Technical specifications are an essential element of any public procurement procedure used by contracting authorities in Romania, as they determine the goods, services or works to be procured.

Legal definitions of technical specifications

The law1 on public procurement procedures defines technical specifications as “requirements, prescriptions or technical features which enable each product, service or work to be objectively described to match the contracting authority's need”.

This Romanian definition of technical specifications is very general, giving the contracting authorities flexibility to draw up effective technical specifications in the tender documents.

Fraud prevention measures

However, to prevent fraud in public procurement procedures, the legislator has imposed limits and guarantees regarding the way that the contracting authority should set out the technical specifications in the procurement documents.

This includes the following three essential guarantees:

  • drafting principles
  • drafting methods
  • drafting interdictions

Drafting principles and drafting methods

The contracting authority must observe the following drafting principles: (i) free competition, (ii) equal treatment and (iii) accountabilities.

Four methods2 of drafting specifications are stipulated by the national Romanian law3 (fully and identically transposed from the European Directive).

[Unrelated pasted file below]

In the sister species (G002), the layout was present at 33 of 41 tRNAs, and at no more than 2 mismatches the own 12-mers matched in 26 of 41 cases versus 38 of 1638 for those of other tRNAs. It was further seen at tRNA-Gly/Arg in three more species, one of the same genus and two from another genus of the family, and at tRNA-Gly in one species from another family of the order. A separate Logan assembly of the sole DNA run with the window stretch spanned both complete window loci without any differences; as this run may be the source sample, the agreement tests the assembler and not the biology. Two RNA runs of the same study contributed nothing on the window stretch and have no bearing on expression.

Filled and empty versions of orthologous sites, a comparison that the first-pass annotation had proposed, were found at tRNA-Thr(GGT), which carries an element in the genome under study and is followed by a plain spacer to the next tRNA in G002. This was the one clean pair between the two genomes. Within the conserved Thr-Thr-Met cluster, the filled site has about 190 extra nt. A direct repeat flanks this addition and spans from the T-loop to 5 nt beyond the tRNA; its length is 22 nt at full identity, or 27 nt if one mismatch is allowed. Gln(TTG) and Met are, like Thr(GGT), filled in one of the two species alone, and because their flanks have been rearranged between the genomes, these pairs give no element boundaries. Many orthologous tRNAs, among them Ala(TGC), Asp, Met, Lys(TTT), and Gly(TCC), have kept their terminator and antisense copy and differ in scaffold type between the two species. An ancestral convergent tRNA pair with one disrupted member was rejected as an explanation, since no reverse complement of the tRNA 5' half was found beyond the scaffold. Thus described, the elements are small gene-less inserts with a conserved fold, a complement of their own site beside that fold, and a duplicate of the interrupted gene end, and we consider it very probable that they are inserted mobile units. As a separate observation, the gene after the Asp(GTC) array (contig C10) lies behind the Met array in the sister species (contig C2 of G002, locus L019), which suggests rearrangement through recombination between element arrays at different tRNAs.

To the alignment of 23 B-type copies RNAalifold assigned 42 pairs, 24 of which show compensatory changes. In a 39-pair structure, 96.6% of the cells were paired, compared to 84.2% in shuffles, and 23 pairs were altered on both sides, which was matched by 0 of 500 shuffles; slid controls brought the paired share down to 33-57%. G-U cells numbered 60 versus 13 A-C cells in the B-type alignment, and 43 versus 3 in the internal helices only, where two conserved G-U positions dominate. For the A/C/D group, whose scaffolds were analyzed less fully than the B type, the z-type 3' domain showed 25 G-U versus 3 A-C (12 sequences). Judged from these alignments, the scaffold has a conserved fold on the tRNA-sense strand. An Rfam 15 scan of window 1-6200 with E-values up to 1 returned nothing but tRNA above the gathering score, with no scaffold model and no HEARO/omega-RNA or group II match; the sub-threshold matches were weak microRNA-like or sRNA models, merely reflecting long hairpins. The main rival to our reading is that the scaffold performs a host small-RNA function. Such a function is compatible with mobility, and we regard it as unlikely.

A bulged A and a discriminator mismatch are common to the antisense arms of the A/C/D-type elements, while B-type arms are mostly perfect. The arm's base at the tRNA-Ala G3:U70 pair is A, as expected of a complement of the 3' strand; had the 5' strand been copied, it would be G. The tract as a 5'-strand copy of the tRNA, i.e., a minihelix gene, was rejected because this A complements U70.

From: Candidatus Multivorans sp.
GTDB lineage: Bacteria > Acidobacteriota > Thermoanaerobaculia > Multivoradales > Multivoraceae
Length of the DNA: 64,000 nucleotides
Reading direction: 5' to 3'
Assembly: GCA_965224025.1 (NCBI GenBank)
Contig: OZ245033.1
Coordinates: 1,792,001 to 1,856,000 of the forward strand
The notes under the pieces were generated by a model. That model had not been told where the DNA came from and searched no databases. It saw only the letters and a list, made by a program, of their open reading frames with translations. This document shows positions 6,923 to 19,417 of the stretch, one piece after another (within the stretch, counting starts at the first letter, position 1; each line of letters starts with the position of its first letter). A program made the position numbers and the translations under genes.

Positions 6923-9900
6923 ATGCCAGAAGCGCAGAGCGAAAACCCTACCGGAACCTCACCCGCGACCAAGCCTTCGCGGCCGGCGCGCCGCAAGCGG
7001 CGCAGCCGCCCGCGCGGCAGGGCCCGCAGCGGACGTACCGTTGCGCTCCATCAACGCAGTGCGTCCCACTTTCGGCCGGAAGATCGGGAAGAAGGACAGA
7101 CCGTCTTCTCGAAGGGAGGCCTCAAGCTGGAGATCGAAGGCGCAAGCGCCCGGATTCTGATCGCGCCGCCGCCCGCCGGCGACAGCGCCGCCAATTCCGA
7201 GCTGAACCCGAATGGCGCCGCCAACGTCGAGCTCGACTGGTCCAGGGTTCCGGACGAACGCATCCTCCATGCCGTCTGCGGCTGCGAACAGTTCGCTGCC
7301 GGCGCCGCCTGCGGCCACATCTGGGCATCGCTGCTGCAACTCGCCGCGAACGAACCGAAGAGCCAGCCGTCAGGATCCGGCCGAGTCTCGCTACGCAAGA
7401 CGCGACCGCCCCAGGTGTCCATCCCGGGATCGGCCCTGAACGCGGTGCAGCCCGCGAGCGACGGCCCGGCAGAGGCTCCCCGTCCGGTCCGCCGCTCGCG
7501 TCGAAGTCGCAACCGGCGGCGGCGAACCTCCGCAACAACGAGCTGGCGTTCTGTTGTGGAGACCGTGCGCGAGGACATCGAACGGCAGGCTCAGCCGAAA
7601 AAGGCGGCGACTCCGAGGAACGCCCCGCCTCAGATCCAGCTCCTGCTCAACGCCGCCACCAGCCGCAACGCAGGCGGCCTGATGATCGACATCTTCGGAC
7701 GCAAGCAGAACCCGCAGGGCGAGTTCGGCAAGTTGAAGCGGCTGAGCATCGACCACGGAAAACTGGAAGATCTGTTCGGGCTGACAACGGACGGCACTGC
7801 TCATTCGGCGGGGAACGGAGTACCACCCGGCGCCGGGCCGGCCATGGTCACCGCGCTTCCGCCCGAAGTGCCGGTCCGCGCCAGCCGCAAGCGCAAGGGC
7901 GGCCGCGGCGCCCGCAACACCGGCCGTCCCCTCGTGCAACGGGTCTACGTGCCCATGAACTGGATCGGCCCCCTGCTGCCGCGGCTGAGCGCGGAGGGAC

Interdictions

Of special note are drafting interdictions in the wording of technical specifications, as they are of practical relevance in determining the legality of a public procurement procedure.

The legislation forbids technical specifications that point to trade marks, patents, types, specific origins or production which give advantage or disadvantage to particular service providers, businesses or products.

There is one legal exception to these interdictions: the contracting authority is allowed to refer expressly to technical specifications as described above, where a sufficiently precise and intelligible description of the subject-matter of the contract is not possible. Such reference shall be accompanied by the words “or equivalent”.

Practical issues – unlawful practices by contracting authorities

In practice, there are cases of authorities intending to award a public procurement contract to a particular company, even before the technical specifications are drafted.

The most common unlawful practice is to include features of a single product or producer in the formulation of technical specifications – perhaps a dimension which no other product on the market can fulfil, or a process or procedure patented by a single manufacturer. Such behaviour can infringe the legal drafting interdictions and principles.

Remedy

Any interested organisation can – within the legal timeframe – complain to the contracting authority about the unlawful procurement documentation, to oblige the authority to eliminate any unlawful technical specification and adopt the necessary remedial measures.

If the contracting authority does not remedy the situation, the complainant can contest the procurement documentation before the National Council for Solving Complaints (”CNSC”) or in a court of law.

Summary

For any company which intends to participate in a public procurement procedure, the most important aspect to consider is that the contracting authority does not have a free hand to formulate technical specifications. On the contrary, it is bound to respect the limits and legal guarantees imposed by the public procurement legislation.

If any part of the technical specifications is in breach of the law, any company with an interest in the public procurement procedure may challenge it and request its removal from the procurement documentation, so that every company has a fair chance of winning the public procurement procedure.